Your computer business network serves as the backbone of your business. Your devices, software, applications, and work are built on and supported on your computer network. Therefore, you should prioritize the planning, design, and buying of business hardware to ensure your data security and smooth operation.
Building a useful computer network will be determined by several factors. There’s a difference in creating a home-based network and a business computer network because a business network is complex and has a higher security risk. Here are the key factors you need to consider when building your business network.
Factors to Consider When Building Your Network
For your business computer network to be effective, it needs to meet all your business needs. Therefore, designing your ideal system requires a thorough consideration of various factors to ensure it performs well on high volume, while still maintaining secure connections.
The cost of equipment and maintenance should be the first key factor when designing your business computer network. Luckily, the cost of routers and switches is relatively low nowadays compared to the early days of networking. Other items you need to consider are labor and cabling. For a small to medium office, the costs of cabling and labor may be negligible. In manufacturing firms or warehouses, operations may require a substantial investment of time and cabling to building an effective network in order to run operations smoothly and effectively.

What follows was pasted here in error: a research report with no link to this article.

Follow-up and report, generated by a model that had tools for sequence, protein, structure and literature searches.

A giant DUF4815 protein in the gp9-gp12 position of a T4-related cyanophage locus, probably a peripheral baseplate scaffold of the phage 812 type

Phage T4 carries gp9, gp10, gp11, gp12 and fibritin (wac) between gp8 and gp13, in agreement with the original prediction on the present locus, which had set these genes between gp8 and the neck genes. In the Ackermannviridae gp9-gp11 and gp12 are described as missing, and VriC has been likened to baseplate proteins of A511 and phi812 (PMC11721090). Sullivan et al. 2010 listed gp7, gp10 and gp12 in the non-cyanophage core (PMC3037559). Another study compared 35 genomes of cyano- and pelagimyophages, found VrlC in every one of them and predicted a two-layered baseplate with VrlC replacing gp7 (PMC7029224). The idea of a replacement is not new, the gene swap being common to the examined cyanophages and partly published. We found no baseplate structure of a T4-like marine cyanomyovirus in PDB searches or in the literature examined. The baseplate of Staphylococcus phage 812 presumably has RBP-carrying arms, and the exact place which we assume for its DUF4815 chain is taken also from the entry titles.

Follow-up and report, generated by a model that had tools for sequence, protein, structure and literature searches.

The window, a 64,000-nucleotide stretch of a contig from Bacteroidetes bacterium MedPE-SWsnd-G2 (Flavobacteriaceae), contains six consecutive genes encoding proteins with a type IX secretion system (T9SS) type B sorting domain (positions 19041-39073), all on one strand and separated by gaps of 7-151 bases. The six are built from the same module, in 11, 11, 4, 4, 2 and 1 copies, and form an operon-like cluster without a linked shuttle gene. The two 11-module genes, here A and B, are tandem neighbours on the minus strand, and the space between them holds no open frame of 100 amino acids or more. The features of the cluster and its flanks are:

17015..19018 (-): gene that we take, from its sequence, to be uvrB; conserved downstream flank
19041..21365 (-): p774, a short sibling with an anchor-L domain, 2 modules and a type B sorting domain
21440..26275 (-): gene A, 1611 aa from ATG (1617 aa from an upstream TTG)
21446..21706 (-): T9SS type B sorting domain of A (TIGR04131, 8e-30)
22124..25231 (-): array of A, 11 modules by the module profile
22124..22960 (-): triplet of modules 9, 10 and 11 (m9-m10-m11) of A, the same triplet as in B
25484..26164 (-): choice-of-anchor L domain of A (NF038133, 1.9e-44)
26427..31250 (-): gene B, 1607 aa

Connectivity and Security
Network connectivity today means more than wireless access point connections or Ethernet cables. People today use their mobile, and they want to access their emails and company data even when they are far from the office. While maintaining security, balancing these needs may be a challenge that needs to be addressed in your business network’s design phase.
The security challenges include storing your data. It could be in-house or by cloud-based solutions. Which information will be accessible, and who can access it? Lastly, which devices will be added to the computer network? Access servers and firewalls also need to be secure to avoid slowing down business operations.
Redundancy and Backups
Redundancy means having in place backup systems for any mission-critical components in your business network. It’s recommended that for a business computer network, you should have two servers. The two identical servers may be configured as a safe option when one fails to work or requires maintenance. It’s a prudent idea to have backup plans for any part of your network that can’t afford to be out for more than an hour.
If your business hosts its web servers or can’t function without Internet connectivity, a second connection should be put in place. Having an extra wireless router, switch, and another spare laptop onsite ensures that downtime is kept at a minimum.
Standardizing Your Software and Hardware